When a girl walks into a room with a shock of pink hair, she's hard to ignore. When said girl happens to be model-slim and dressed like an anime character, looking away becomes impossible.
Such is the case for Fernanda Ly
, the 20-year-old Chinese-Australian head-turner who, in the past year, has become one of the fashion industry's most talked-about faces.
Her distinctive pastel mane has graced the pages of the American, British, Italian, Japanese and Australian editions of Vogue, as well as indie fashion titles such as Dazed, i-D, Love and Self-Service.
But when it comes to the runway and campaign bona fides, Ly only has only one name to her credit.
"I guess you could say I'm the Louis Vuitton
girl right now," she says, laughing. "The last collection was sort of inspired by me, which sounds weird!"
Louis Vuitton's creative director Nicolas Ghesquière has kept her off limits to other designers for the past two seasons, booking her exclusively for his his Autumn-Winter 2016 and Spring-Summer 2016 shows and campaigns, a major coup for any model.
And indeed, the last collection, a blend of futurism, anime and bright pink accents, does seem very Fernanda Ly. The bubbly Sydneysider has spoken openly about her love of manga, arcade games, and all things Japanese. In the accompanying ads, she dons a pink leather jacket and Sailor Moon tiara like it's her uniform.
Clothing and fashion, buildings and architecture, they come hand in hand.
"Nicolas was really interested anyway in Japanese culture and architecture, and I think it shows in the structure of the clothes and the materials he uses," Ly says. "It's a happy coincidence."
Architecture is one of their unexpected mutual interests.
A massive fan of Gothic grandeur and Japanese minimalism (she counts Pritzker Prize-winner Tadao Ando
as a role model), Ly was an architecture student at Sydney's University of Technology
until September 2014, when she took a leave of absence to focus on modeling.
"The bachelor's that I'm doing is in interior architecture, but it also has to do with exteriors, spacial design and landscape design. I'm interested in how people interact with a space, the idea of architecture as social commentary, and how the total effect can change when you alter one concept," she says.
"And out of all of the artistic sort of studies, it's the most acceptable by my parents."
While she intends to resume her studies at some point, Ly is currently enjoying the opportunity to learn about another art form.
"Every creative art is about the same thing, which is the person that uses the product that you make. So in that way, clothing and fashion, buildings and architecture, they come hand in hand."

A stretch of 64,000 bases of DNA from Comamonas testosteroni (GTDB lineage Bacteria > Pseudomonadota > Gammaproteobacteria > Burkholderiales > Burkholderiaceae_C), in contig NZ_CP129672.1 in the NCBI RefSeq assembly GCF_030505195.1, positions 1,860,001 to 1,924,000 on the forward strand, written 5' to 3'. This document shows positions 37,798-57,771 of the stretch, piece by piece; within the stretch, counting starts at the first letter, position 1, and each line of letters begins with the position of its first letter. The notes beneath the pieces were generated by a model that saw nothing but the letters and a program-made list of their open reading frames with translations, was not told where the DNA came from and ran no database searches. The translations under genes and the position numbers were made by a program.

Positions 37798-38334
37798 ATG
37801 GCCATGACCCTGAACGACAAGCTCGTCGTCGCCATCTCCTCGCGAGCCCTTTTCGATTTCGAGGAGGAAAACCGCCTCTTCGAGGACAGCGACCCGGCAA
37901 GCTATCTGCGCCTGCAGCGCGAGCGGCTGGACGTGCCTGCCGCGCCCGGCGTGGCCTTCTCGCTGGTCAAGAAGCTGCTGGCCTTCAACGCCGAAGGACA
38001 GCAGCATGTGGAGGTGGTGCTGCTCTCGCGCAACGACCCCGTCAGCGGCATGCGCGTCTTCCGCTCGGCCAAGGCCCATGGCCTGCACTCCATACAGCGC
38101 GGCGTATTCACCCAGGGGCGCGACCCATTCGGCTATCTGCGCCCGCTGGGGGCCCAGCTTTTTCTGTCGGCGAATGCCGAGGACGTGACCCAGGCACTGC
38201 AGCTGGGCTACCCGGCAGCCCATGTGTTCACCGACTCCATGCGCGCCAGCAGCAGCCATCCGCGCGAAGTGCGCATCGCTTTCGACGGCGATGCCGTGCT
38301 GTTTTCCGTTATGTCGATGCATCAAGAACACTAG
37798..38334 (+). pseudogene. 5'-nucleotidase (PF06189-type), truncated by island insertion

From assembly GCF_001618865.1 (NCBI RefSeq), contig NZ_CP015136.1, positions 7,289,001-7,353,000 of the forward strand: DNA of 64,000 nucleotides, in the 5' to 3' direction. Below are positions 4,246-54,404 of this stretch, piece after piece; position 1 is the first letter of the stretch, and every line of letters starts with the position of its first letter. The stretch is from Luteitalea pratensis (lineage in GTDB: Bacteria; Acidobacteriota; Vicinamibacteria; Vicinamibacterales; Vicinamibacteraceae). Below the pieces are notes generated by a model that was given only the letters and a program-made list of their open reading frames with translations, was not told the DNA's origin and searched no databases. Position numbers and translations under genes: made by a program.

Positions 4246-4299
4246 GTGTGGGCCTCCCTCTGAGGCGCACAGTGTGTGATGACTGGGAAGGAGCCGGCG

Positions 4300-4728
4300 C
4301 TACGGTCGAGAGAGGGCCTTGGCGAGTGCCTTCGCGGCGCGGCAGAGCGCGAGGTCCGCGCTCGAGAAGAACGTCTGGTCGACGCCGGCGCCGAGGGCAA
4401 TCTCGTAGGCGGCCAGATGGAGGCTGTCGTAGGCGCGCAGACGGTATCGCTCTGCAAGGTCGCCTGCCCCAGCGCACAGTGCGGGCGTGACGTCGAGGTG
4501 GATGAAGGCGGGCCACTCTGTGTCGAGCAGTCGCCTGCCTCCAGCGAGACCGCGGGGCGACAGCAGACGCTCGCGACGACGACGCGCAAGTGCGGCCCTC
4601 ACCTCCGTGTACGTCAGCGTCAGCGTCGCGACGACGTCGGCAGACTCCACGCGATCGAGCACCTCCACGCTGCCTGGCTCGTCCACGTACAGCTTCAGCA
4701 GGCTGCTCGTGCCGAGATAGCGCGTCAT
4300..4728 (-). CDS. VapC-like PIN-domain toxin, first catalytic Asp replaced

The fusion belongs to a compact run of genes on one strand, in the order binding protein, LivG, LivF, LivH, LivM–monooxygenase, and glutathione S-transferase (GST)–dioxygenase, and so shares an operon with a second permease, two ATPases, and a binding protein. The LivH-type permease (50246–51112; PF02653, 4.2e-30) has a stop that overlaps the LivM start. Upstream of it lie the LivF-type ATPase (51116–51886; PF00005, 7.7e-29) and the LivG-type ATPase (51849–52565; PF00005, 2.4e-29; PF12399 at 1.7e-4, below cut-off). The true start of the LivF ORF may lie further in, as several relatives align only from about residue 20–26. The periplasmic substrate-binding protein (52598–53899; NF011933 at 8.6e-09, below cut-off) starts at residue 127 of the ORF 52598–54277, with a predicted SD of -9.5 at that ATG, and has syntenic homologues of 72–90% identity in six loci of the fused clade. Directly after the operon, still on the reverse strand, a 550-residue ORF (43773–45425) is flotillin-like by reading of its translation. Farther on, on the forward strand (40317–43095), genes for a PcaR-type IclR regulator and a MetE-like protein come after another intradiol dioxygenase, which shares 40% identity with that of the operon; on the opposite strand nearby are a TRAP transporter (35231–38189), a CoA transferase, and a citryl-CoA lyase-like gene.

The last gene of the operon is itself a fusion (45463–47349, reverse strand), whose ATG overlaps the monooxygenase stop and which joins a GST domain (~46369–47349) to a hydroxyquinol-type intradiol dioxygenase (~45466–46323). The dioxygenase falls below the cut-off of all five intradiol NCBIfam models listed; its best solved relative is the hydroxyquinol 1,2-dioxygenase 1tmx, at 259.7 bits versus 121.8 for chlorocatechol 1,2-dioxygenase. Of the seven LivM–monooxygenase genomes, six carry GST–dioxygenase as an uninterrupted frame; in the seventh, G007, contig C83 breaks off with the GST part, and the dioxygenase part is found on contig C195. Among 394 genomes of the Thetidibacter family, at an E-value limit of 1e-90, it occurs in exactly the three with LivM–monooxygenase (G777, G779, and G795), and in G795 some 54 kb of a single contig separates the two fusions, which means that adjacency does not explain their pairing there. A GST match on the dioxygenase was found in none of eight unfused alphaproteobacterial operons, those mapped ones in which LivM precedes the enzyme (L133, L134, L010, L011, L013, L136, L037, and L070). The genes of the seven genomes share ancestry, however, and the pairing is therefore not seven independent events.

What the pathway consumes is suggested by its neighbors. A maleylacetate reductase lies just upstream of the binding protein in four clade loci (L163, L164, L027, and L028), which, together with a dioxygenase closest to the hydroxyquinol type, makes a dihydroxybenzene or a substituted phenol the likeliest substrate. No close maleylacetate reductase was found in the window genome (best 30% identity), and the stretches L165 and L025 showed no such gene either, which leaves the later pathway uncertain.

Here, Ly takes us on a tour of her favorite buildings...
"Notre Dame cathedral was the building that first turned me on to architecture. I had to research it for assignment when I was in high school, and was fascinated by how a deep belief in God moved people to create such amazing structures. After that, I realized architecture is more than just pretty buildings. It can be an expression of something deeper.
"When I was in Paris for my first Louis Vuitton show last March, the moment I got free time, I rushed off to Notre Dame and just stared at it for an hour or two.
"I knew it was very big, having seen the measurements and plans, but when you see Notre Dame in person, it completely overwhelms you because of the amount of detail and ornamentation, all made by hand without modern tools."
"Notre Dame and Kenzo Tange's cathedral were created for the same reason, but they represent two vastly different styles of architecture: the Gothic and the Brutalist. In Gothic buildings, everything has meaning and they show this by putting everything into it. But with Brutalism, buildings are completely empty, and the emptiness says everything.
"This just shows how architecture is a representation of the times, and reflects what society is thinking.
"A lot of people don't like Brutalist buildings, thinking they're just gigantic blocks of concrete. But I find their emptiness and simplicity beautiful -- when it's done correctly. My university, the University of Technology in Sydney, is Brutalist, but it's not done very well."
is my favourite architect. I love his use of juxtaposing concepts and materials. He uses my favourite materials -- concrete, glass, and light -- in a way that completely defies convention. He takes the heaviness of concrete and makes it light and elegant, rather than bulky.
"The building really speaks to that. He has these big -- really, really big -- cuts of concrete, but the way he cut and placed them to create the cross is amazing."
"I first visited Morimoto, a Japanese restaurant in Chelsea, for my birthday lunch last year. I didn't even know Tadao Ando had designed it before I went!
"The simple black exterior, the glowing glass installation and the use of natural wood inside reflect the simplicity of both Japanese food and Japanese culture in a modernist way."
"In university I was very interested in the concept of suggesting movement in something that doesn't move at all. The two opposing concepts -- stillness and movement -- remind me of the duality of dark and light. Those are very my style.
"At the Bridge of Aspiration, which is connected to the Royal Ballet School, this was done really gracefully by repeating and twisting on shape. Really simply done, clean and beautiful."
"Optical Glass House is this beautiful oasis in the midst of a bustling city. This one plays on just how chaotic downtown Hiroshima would be and the quiet of nature. How the light enters the building in so many different ways is quite amazing.
"This goes back to the Zen principles that are so important in Japanese culture. Everything's clean and simple, they haven't overcomplicated anything. It's very traditional, but at the same time very modern."